Both are visible either as a scan of the original document on your screen or in the form of the NFT, meaning that you can see them for what they are just as a  potential employer can see them. If that is the case, and it obviously is, what is the point of an NFT rather than a scanned document? Simply put, original traceability, which leads to authenticity.

With NFTs, all of that is handled automatically by self executing code between the giver and receiver of the NFT called smart contracts that are contained within a blockchain. A blockchain is a shared, unchangeable ledger that facilitates the process of recording and tracking assets. An asset can be tangible (a house, car, land) or intangible (patents, copyrights, certifications). Smart contracts mint that digital artefact as a non-fungible token — an NFT. This means that digital media is reborn and begins its journey on a blockchain — a decentralized digital ledger that is incorruptible, unfalsifiable, and indestructible.

Once an NFT is minted, it becomes a part of blockchain a digital asset with its ownership uniquely identifiable and traceable. Therefore, for both creating and receiving NFTs, you must have a place to store them, called a digital-wallet.

So in my particular situation, I had to find a suitable digital-wallet for creating NFT based micro-credentials. Fortunately, another teacher at my school had began experimenting with digital-wallets for gamifying his classroom and was using Accredible. This digital-wallet also allows you to design the badges within the platform. Another potential digital-wallet which is free is POAP where you can set up lessons as events and then if students meet the assessment criteria, you can provide them with a link to their NFT based on their email address and their own wallet. Making sure that the students use an email address that will be with them after they graduate. Due to my school using Accredible already, I have gone with the first option. Though the advantage of POAP is that students can carry their NFTs in a portfolio, though app smashing Accredible with an application like Wakelet can negate this somewhat and allows the teaching of digital curation skills - another badge!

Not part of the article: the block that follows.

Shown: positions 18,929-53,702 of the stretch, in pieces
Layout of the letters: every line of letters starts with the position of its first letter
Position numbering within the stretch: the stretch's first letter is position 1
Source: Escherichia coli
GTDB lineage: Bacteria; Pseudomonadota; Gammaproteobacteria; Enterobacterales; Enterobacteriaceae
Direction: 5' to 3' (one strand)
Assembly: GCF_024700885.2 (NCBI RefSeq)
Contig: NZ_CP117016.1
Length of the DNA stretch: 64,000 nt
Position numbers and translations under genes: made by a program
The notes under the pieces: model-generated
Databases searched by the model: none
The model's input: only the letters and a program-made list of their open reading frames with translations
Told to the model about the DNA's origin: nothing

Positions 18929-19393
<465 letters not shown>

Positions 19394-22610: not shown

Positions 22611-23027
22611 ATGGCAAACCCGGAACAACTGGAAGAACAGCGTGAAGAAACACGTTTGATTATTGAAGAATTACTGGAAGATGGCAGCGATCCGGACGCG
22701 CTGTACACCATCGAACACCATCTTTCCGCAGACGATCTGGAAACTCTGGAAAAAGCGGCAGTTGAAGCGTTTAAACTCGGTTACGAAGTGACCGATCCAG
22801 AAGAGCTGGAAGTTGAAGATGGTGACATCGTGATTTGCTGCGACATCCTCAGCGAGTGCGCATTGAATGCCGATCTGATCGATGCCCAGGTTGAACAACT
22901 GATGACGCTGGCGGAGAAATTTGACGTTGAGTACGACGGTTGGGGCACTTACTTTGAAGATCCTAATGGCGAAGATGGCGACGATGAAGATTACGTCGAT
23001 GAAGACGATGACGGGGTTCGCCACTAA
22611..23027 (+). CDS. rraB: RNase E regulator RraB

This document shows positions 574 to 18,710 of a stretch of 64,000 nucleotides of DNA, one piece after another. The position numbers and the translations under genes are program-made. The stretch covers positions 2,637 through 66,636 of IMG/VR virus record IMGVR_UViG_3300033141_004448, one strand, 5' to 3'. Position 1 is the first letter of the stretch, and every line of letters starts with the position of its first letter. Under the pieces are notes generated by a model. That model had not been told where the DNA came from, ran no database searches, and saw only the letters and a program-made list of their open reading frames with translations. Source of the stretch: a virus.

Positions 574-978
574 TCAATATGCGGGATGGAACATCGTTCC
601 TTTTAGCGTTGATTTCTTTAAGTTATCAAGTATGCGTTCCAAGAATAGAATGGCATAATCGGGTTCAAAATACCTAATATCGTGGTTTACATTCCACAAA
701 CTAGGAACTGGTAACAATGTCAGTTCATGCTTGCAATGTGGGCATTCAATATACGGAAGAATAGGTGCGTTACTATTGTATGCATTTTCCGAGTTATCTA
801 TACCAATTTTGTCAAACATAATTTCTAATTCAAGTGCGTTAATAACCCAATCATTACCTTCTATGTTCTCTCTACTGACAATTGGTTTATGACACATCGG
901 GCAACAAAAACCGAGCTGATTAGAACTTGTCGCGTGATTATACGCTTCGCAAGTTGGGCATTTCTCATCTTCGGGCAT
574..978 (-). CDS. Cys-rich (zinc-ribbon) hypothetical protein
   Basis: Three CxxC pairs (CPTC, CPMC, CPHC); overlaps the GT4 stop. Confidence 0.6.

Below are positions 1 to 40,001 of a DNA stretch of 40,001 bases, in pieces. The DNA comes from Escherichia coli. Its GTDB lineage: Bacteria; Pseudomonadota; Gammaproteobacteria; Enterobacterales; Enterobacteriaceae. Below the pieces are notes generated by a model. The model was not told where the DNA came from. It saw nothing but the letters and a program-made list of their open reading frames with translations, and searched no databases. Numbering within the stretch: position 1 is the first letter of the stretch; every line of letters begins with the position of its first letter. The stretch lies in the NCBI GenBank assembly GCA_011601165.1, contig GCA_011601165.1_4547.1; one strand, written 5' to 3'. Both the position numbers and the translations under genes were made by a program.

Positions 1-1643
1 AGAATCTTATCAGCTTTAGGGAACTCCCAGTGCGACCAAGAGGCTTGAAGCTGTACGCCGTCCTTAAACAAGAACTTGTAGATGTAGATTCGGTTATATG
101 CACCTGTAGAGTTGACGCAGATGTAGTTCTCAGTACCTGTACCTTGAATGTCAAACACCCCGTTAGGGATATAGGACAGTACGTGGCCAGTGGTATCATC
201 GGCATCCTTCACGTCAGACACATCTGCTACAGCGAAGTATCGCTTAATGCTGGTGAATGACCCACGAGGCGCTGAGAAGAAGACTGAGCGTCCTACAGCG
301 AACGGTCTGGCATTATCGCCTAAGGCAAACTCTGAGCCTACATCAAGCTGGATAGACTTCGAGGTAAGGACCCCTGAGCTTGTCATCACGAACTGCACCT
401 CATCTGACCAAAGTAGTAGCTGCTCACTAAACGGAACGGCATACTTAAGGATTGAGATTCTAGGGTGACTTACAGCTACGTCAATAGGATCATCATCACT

So far the project has peaked some students to get more interested in cryptocurrency, but it has also meant that students who traditionally have not seen science as 'their thing' can now see tangible (ironically, through a non-tangible badge) ways in which they too are indeed scientists. It will also I hope allow them and others that science careers are for them too.

However, this is just the beginning as learning is not just about passing assessments but is a process. The first time a chemist does a titration is when they have really learned how a titration works. That is a learning moment. What if these moments can be captured as NFTs? What if someone can look at a person’s digital wallet in the form of tokens, and get a deeper insight of their learning history. NFTs are just in their infancy. It will be really interesting to see how this concept progresses.


Popular posts from this blog

Branching Out in Physics Lessons with Decision Trees

Digital learning, putting the cart before the horse

The Rise of the Machine Learning